Theatermaker Lauren Keating thought she would have a side hustle as a yoga instructor.
She was carving out a directing career in New York in the mid-2000s when she briefly thought that another love, yoga, could be a complementary gig. Bad idea.
“Turning that thing that brings you peace into something you are trying to monetize? I found that very stressful,” said Keating, who became certified as an instructor. “And it’s just as hard to make a career as a yoga teacher as it is to be a director, so it was a dumb plan.”
Still, both disciplines come in handy as Keating tackles her debut at the Jungle Theater, Bess Wohl’s 2015 comedy “Small Mouth Sounds.” It’s set at a silent retreat where six people interact in surprising ways. The play’s title refers to noises people make when they’re supposedly quiet.
We sat down with Keating, an associate producer at the Guthrie Theater (where she directed the last several productions of “A Christmas Carol”), to ask how yoga interplays with her stage work.
Q: How do you describe the play?
A: These six people are all in the midst of, or following, personal crises. We’re never told specifically what those things are, so it leaves a lot of room for audiences to bring their own experiences into the play, which is one of the things I love most about theater. There’s almost no yoga, because they’re on more of a spiritual or meditation retreat, but they do have yoga mats and one character is described as a yoga master or guru.
Q: Have your yoga and theater practices overlapped?
A: I occasionally did workshops in the theater community. At the Lark’s play development workshop [in New York City], I would go in early and do classes for whatever staff wanted to show up. And I’ve definitely used it in rehearsal processes.
Q: Did studying yoga assist you as a director?
A: It was helpful in terms of learning how I want to show up in front of, and lead, a room. Also, it was great to have more vocabulary around physicality and bodies and how to stay healthy and safe. That is training I still use when I talk to actors, as well as understanding the limit of your own expertise.
Q: How so?
A: As a young director, you feel like you need to have the answer for everything — that’s what it means to be good at your job, being the authority in the room. But I worked a lot with [Tony Award-winning director] Dan Sullivan and one of the most revolutionary things from that time was hearing him say, “I don’t know.” I can be the expert at the things I’m expert at, but also open to other things. Another thing I witnessed Dan doing brilliantly is hire people he trusted, communicate well and then allow them to do their best work.
Those are shared qualities between [yoga and directing] because in yoga you are leading people through things that are in some ways prescriptive — “We’re coming into Warrior One now” — but there are breath cues that happen differently for people and you’re doing these things in a way that feels good for your body, not in the exact way I’m telling you.
Q: Does the yoga/spiritual/meditative quality of the play ask anything special of the audience?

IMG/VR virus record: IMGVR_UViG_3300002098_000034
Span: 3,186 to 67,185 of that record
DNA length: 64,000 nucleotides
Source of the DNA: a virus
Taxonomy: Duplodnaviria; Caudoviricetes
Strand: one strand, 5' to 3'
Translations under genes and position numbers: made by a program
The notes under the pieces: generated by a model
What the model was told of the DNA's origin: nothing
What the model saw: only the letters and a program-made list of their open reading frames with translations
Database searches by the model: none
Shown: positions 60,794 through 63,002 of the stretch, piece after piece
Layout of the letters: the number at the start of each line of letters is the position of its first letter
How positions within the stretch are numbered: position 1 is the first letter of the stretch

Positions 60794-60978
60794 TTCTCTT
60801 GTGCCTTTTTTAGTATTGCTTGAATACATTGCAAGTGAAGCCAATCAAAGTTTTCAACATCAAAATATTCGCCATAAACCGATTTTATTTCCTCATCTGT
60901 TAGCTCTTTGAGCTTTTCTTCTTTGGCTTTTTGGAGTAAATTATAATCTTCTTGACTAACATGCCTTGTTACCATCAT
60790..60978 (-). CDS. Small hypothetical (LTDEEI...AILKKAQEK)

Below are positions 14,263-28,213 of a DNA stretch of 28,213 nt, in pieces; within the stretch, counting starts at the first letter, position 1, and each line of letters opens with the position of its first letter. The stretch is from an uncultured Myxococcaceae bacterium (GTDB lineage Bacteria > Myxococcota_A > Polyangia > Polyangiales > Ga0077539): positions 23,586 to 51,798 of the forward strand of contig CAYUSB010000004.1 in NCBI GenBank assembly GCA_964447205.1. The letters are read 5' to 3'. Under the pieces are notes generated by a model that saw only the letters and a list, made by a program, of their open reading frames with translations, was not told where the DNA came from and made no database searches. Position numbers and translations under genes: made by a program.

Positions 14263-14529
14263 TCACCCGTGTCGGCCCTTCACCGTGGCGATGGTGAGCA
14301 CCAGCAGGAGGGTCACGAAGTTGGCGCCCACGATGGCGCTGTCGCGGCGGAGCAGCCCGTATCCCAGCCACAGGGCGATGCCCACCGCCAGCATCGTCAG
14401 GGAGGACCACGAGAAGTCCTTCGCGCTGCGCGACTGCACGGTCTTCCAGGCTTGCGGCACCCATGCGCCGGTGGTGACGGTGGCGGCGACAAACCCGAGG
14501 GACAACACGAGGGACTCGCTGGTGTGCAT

A: We don’t have much exposition at all. So, down to some of the simplest things we expect from a play, [Wohl] doesn’t give us those because she’s saying those things are not important. What is important is how we see people in the world and how we show up for each other. It requires audience members to create their own narratives, and each of those is going to be a little different because they’ll reflect their experiences: “Oh, I recognize that experience of loss” or “I remember that from my own experience of cancer.” And the other thing is it asks audience members to sit with themselves. Like in yoga. You kind of become part of this class the characters are in.
Q: Does that create challenges as a director?
A: With any play, the first couple scenes are teaching the audience how to watch it, what the rules are. And this play has a lot of rules that aren’t the rules audiences already know.
Q: Maybe like Sarah DeLappe’s “The Wolves” at the Jungle last season, with its de-emphasizing of plot?
A: I think it is similar, in that in “The Wolves,” we’re with the characters as they do a [soccer] passing drill but what we’re really watching is them as characters. In “Small Mouth Sounds,” we’re watching them listen to a lecture but really we’re learning about what they connect to or pull away from. Or maybe we’re not watching them because we’re thinking about our own connections to what their teacher is talking about.
Q: Another thing common in yoga and theater is paying attention to breathing, right?
A: There are so many shared breaths in this play! In fact, there’s data that show that when people go to a play, their heartbeats sync up, their breathing syncs up. Especially in this play, I would be very surprised if the kinetic response isn’t that the audience will breathe along with [the actors].
Q: Are there similarities between forming the yoga positions, called asana, and performing a play?
A: Yes. When you show up on the yoga mat, it’s going to be different every day. It becomes a microcosm of how we approach the world, which is always changing. And theater should be different every night, evolving and changing. It’s why I’m excited about this phase of my career as a theater director, because of how you set the things that need to be set but then allow other things to breathe and change over the course of a run.
Q: Sounds like the “Small Mouth Sounds” audience needs to be open to an unusual experience?
A: Maybe I’ll be wrong about how different this is from traditional theater but a sense of adventure will be helpful. And compassion for yourself is always helpful. It’s like RuPaul: “If you don’t have compassion for yourself, how are you going to have compassion for anyone else?”